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Archive for March, 2007

Whether or not your church claims to follow a liturgical tradition or claims to be non-liturgical in its worship, there is a common denominator which both groups claim.  Worship for both sides of the liturgical divide is found in re-telling of the Great Story, the story of God’s plan of salvation.  Both the liturgical and the non-liturgical traditions see the essence of Christian worship as being a re-creation or a re-capitulation of the drama of God’s redemptive work in human history.

Those who claim to be non-liturgical see this drama take place in the songs of praise and the message during worship on Sunday.  For those in the non-liturgical traditions who are more conservative or fundamental in their approach, this often shows up in the expectation that the pastor present the Gospel message clearly and issue an altar call at the end of every message.  The story should be re-told in such a way that people respond to it by “walking the aisle”, “placing your faith in Jesus” or “making a personal commitment to Jesus.”

Liturgical traditions see the same drama of God’s salvation history in human events play out in their worship services.  The key difference being the response is not merely to the preaching of the Gospel message, but also to the symbolic recreation of God’s gospel in the Eucharist or Holy Communion.  The expectation is still to walk the aisle, but in the liturgical traditions, that aisle walking commitment is to partake of the Body and Blood of Jesus Christ at the communion rail.

Obviously there are other differences between the two groups in worship that have to do with other commitments to theology, hermeneutics, and tradition.  Yet for both groups, the essence of what it means to worship is to respond to the reality of God’s story in human history.  Both see their end purpose in getting people to respond to the Gospel.  They merely use different means to accomplish that end.

However that drama of the Gospel is increasingly being replaced by other considerations.  Worship is becoming a performance art that is to be judged on its aesthetic appeal.  In many ways worship is now judged like a movie or a stage play, box office, acting, costumes and direction.  Story line plays a role but increasingly less attention is paid to it than to who is in the movie and is it visually appealing.  (As a current example of this in movies, notice the reviews of the wildly successful movie 300.)  In worship, this is absolutely detrimental to the whole purpose of gathering as God’s people.

For the non-liturgical traditions, this shift towards performance is best expressed in the drive for “excellence in worship. That was the line that was being discussed when I was in seminary.  The idea was to excel at putting together a worship service and to do so consistently so the people would come back again and again.  Thus pastors felt a pressure to “hit a home run” every Sunday, while choirs and worship teams practiced and practiced until the tiniest musical flaws were eliminated.  The move toward performance worship created what several recent authors have described as a slick, stage-driven style worship.

Unfortunately, my friends in the liturgical church tradition don’t get off easily on this point either.  They may have been at it far longer than the non-liturgical traditions have even been thinking about it.  In the liturgical tradition this kind of performance art elevates the trappings of the service over the drama the service is supposed to represent and re-create.  Thus there is more concern over the quality of the vestments, the amount and kind of incense in the thurible, when bells are rung and with how many shakes of the acolyte’s hand, and the rubrics in the Prayer Book or Missal, than there is over the story of the Gospel being told in the service.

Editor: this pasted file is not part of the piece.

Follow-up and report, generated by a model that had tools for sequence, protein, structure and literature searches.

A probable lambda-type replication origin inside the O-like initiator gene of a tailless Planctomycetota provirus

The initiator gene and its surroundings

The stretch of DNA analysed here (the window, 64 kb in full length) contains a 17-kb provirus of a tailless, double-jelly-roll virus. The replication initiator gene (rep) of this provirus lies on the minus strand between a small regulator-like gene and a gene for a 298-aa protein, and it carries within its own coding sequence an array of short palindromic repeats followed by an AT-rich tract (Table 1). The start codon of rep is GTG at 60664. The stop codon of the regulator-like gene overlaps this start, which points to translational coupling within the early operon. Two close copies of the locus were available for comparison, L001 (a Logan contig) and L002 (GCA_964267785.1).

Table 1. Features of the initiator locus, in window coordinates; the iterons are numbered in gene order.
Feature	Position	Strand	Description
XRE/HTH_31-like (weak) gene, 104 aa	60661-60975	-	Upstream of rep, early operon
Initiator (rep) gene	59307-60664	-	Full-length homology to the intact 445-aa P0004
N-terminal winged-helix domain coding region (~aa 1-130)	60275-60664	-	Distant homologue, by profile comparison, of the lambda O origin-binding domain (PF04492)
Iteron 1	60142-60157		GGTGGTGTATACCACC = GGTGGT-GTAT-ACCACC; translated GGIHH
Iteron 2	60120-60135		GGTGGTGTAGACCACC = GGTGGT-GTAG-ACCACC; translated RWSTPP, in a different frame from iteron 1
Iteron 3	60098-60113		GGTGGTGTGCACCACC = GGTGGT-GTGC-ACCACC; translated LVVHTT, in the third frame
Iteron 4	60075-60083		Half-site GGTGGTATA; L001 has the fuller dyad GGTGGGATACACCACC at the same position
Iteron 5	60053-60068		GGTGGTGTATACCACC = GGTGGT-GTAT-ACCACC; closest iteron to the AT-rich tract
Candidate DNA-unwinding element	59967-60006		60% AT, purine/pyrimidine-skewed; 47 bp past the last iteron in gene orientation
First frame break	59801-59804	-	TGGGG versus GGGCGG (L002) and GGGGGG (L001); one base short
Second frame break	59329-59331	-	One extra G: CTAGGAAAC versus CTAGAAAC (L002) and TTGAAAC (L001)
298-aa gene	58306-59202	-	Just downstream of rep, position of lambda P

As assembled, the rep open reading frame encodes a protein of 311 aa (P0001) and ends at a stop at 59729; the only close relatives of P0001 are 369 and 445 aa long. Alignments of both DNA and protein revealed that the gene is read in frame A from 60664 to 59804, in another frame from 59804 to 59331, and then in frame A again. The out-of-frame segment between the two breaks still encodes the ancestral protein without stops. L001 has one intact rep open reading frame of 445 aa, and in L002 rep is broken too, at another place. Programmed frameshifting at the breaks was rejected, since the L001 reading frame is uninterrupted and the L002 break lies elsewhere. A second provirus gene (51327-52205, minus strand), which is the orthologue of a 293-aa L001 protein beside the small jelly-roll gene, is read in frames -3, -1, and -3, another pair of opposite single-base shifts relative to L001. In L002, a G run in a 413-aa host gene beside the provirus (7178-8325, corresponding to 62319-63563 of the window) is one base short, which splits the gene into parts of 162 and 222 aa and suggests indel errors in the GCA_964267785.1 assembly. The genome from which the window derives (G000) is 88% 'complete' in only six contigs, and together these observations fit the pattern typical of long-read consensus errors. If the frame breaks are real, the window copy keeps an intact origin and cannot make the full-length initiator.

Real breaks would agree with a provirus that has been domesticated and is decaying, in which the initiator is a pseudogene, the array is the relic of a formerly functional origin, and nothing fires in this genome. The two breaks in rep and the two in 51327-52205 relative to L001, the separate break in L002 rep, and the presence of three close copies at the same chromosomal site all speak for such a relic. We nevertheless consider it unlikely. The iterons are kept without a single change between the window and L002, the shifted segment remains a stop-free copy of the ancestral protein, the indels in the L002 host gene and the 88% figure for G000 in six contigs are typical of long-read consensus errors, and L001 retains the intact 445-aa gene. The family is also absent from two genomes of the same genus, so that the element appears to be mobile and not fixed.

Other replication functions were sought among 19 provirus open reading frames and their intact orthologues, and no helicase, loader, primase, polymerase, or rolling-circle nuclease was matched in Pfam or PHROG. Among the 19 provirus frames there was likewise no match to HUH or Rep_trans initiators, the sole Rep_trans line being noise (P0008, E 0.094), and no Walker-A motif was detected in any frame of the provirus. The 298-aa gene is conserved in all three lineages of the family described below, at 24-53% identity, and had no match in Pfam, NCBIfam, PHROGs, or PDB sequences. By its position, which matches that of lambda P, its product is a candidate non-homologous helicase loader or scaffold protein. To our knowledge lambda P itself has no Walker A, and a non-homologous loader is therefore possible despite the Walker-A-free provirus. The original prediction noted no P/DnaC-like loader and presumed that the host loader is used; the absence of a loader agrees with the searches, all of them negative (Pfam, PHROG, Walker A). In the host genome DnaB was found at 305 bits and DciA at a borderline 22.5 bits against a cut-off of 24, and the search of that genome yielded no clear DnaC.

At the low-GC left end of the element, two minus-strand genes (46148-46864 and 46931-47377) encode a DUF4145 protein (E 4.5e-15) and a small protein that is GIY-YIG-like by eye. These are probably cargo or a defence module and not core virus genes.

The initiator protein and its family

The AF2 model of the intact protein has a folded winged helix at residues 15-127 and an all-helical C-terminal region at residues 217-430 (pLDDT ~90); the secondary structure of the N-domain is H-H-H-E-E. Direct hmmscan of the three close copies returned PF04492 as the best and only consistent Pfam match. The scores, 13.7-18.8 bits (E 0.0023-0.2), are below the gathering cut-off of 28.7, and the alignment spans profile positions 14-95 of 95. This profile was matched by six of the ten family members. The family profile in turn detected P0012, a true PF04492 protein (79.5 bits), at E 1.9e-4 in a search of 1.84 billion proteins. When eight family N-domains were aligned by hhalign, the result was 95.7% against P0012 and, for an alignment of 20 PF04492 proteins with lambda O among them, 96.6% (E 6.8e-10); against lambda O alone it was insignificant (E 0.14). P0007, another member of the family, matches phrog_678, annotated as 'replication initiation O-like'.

What is lost or played down in both traditions is the Gospel story itself.  The heart of both traditions is the re-telling of the Gospel.  When worship becomes performance oriented, the Gospel, even if loudly proclaimed in pulpit and at altar moves to second place.  The most important story of all history becomes a mere vehicle for the performers of the story and those who want to watch them.  We need to rekindle the inner fire that the Gospel is more important than the performance of its story.  Both traditions have much to offer the Church, but without the Gospel being the core, heart-felt reality, those traditions are all a show more driven by how the story is told, than the truth being told in the story.

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Somewhere in my lifetime, something was lost in Christian worship.  It is hard to put one’s finger on it and say “Aha!  That’s it!”  But it seems to be something that is fundamentally at the center of what worship is for Christians.

Among North American evangelicals an ethos has developed which seems to say that worship is supposed to entertain the people so they will come back for more.  We are trying to fill needs that would otherwise be filled by listening to talk radio, going to concerts, movies, theater, or even the local pub for conversation.

We tell ourselves that we need to have top-flight preachers who can hold people’s attention.  People whose words effect life-change in those who listen to them.  We prefer a band whose music and singing is pitch perfect, whose stage presence and ability to understand audience response causes our emotions to well up inside our hearts.  We want drama that is just as good as anything on the stage or silver screen.  We’re interested in actors and writers who can convey the whole range of human experience to us as if we had never seen it before.

One of the newest things in the North American evangelical experience of worship is to promote conversational teaching experiences as well as intimacy in worship.  We don’t want to be preached at anymore, we want someone to talk to us.  In some places, the message is even deleted from the service in favor of an open dialogue with the congregation, a back and forth conversation about a particular topic.